In my first year at Ryerson, one of my mandatory classes was ENG 108: Introduction to Fiction. As an introductory class, I wasn’t expecting anything too exciting; the standard short story, poem, novel, Shakespeare play layout that I was used to from high school.
It was the last class of my first week of university and I was ready to get in, get the usual housekeeping info and get out. Our professor walked in, briefcase in hand, and strode to the podium in less than 10 steps.
Hyacinth Simpson is a black woman, which was a refreshing change from the mostly white professors I’d been introduced to all week. And when she spoke her tone reminded me of the Jamaican TV news anchors I’d watched as a kid — clear enunciation with the slightest twang. I didn’t expect hers to be my favourite class of the semester — it was just intro English, after all — but it was. Her syllabus followed the format I expected, but the content is what surprised me.
I downloaded one of the first short stories on the list, and it was A Red Girl’s Reasoning by E. Pauline Johnson, an author of Mohawk descent. The story follows an indigenous woman who is engaged to a white man. The man makes a comment about “looking past” her First Nations heritage and marrying her in spite of it, and she promptly leaves him.
One of the next selections was a poem called Reggae fi Dada, a dub poem written in Patois, or Jamaican Creole. The poem led to a conversation about the oral tradition and how writing in your spoken language is a cultural storytelling tool itself. After that there was a poem on lynching in the American South. In the next class we read a poem by Joy Kogawa, a Japanese-Canadian woman, reflecting on the internment camps she and her family were sent to during the Second World War. We also studied Shakespeare’s The Tempest, along with a modern-day adaptation set in Trinidad called Prospero’s Daughter. This time, it’s not Prospero who has his land taken from him, but Caliban (Carlos in the novel). This rendition drew parallels between Britain’s colonization of Trinidad and highlighted the diverse culture that formed in the Caribbean amid its exploited past.
The racial makeup of the class was mostly white, as is the case with many arts courses that I’ve taken. Yet nearly every piece of literature she selected for the class was written by a racialized person and about racialized people. I’d venture to guess that this may have been the first time some of my peers had attempted to read Patois, heard of Japanese internment camps or read such a thorough analysis of colonization. Even for me personally, this was one of the few times I’d read about racialized people in an English class. The majority of characters and authors I’ve been taught about have all been white.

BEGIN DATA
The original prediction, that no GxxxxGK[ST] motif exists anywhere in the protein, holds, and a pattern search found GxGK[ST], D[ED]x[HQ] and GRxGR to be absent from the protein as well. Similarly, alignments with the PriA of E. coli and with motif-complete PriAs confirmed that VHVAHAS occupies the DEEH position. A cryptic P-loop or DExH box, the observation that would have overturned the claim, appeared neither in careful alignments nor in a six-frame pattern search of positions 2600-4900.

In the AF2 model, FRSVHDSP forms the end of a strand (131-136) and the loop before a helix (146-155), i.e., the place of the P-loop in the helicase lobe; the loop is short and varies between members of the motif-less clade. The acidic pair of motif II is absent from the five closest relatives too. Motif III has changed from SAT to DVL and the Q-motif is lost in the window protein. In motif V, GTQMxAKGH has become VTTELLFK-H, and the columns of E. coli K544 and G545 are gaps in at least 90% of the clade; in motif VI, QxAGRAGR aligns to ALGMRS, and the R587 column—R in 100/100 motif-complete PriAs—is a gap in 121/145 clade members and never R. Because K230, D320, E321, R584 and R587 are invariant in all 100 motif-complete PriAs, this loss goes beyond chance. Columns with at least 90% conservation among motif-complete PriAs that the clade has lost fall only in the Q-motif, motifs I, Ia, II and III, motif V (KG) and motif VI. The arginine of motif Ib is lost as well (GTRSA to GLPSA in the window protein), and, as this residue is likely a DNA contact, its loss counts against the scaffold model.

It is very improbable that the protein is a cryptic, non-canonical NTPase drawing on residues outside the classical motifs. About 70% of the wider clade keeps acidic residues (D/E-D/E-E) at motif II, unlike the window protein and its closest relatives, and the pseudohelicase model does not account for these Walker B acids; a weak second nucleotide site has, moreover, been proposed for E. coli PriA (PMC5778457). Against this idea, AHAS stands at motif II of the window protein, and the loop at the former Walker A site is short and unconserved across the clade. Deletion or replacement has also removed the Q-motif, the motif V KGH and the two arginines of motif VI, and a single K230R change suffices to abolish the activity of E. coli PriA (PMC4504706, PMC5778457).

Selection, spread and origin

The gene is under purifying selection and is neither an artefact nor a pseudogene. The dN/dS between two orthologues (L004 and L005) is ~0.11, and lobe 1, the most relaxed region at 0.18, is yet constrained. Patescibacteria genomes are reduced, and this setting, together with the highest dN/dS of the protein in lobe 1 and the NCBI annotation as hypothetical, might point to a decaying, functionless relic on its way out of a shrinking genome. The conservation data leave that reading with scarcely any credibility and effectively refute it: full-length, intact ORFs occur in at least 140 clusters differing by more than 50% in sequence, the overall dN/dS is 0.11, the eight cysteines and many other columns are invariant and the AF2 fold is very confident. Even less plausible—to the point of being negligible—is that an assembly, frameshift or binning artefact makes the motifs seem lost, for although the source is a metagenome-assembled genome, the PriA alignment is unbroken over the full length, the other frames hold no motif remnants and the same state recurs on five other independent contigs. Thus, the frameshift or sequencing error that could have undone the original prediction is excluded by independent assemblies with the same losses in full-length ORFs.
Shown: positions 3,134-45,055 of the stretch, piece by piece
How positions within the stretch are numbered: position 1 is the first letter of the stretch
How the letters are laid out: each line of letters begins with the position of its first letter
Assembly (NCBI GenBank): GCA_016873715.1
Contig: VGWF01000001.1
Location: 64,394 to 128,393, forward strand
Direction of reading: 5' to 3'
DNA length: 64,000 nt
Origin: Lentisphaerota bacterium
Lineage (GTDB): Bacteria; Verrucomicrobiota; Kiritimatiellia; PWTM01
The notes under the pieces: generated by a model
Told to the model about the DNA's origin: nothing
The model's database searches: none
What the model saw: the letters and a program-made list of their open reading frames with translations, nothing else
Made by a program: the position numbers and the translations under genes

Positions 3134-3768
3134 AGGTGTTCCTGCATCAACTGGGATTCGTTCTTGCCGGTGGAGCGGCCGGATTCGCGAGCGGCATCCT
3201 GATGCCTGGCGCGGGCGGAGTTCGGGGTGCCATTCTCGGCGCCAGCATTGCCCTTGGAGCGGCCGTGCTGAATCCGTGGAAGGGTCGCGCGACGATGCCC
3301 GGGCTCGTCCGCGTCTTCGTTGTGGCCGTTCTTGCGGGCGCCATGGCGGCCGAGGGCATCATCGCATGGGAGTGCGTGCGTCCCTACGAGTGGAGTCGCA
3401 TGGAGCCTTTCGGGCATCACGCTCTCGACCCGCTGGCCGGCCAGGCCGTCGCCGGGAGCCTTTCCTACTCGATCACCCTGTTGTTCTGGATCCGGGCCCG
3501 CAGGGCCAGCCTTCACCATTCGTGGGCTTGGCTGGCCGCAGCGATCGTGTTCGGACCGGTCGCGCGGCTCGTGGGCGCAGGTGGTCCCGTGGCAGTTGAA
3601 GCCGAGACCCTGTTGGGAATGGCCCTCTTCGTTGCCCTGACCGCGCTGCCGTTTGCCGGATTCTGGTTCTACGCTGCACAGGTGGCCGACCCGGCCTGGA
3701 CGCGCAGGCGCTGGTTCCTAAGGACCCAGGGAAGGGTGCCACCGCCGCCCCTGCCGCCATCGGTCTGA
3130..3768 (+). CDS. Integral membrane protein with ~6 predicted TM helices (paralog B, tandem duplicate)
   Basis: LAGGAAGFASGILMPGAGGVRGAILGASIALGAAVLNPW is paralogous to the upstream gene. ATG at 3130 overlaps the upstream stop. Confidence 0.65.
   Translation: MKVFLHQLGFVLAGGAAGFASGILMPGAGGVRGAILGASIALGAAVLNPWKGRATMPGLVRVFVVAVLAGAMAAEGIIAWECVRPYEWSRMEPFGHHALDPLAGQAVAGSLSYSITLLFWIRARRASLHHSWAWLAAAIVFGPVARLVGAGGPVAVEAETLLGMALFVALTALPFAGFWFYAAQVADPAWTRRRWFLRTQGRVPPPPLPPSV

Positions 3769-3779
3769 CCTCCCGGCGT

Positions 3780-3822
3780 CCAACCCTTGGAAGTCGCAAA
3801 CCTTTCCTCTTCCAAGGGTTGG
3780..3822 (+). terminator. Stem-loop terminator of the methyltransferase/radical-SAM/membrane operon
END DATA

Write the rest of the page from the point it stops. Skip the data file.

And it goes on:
Granted, high school isn’t fresh in my memory, but the staples I remember were Romeo and Juliet, The Catcher in the Rye and To Kill a Mockingbird (and no, the black man on trial does not count because he was more a literary tool than a character — do you even remember his name?) In Canadian history classes, I vaguely remember whizzing through indigenous peoples and residential schools in a day, before immediately getting into the War of 1812, and staying there for more than a week.
I do remember one moment in elementary school clearly. It was book club day, and we got to choose from a short list of titles for our reports. We’d eventually cycle through them all. I picked Last Days of Africville first, mostly because it was about a place I’d never heard of before, a black community in Nova Scotia that existed until the 1960s. My friend Efua picked the same book. She looked at me and said she’d made her choice because the girl on the cover looked like her — a young girl with a dark face, dark eyes and dark hair.
Race wasn’t always on my mind as a kid. I grew up in an area of the GTA where there were only ever a couple white students in my classes, yet I never thought to question why most of what we learned about centred on white people —why they populated the stories and the history books or why names like Britney and Zack were always used in math question examples.
In 2012, a group of professors at Ryerson authored a report where they surveyed professors and students and asked them about their experiences either teaching or learning about marginalized experiences. According to a recent panel discussion led by the researchers, the recommendations listed in the report have not been undertaken by administration.
We live in a country that prides itself on the idea that it’s a “multicultural” nation and was built on the backs of multiple Aboriginal nations. If you never see yourself reflected in the curriculum, it has the damning effect of making you feel like you don’t belong in academia. The same goes for representation in the media and, let’s face it, the whole world.
After that English class, I started to seek out classes that were similarly as diverse. Ryerson does offer several courses on the Caribbean, Chinese history, indigenous peoples, and more, but the only students who take these classes are the students who are interested in this subject matter. There are some who don’t ever think about race, or what it might be like to navigate the world outside of a white body, and it’s these students who may never set foot in classes like these, and never have their view challenged.
An experience like the one I had in my particular section of ENG 108, where a black woman was at the podium, and where racialized people were in the teaching materials of a general, mandatory class, is rare. Seeing mine, and other racialized cultures reflected back to me in a text was not the norm.
But it should be.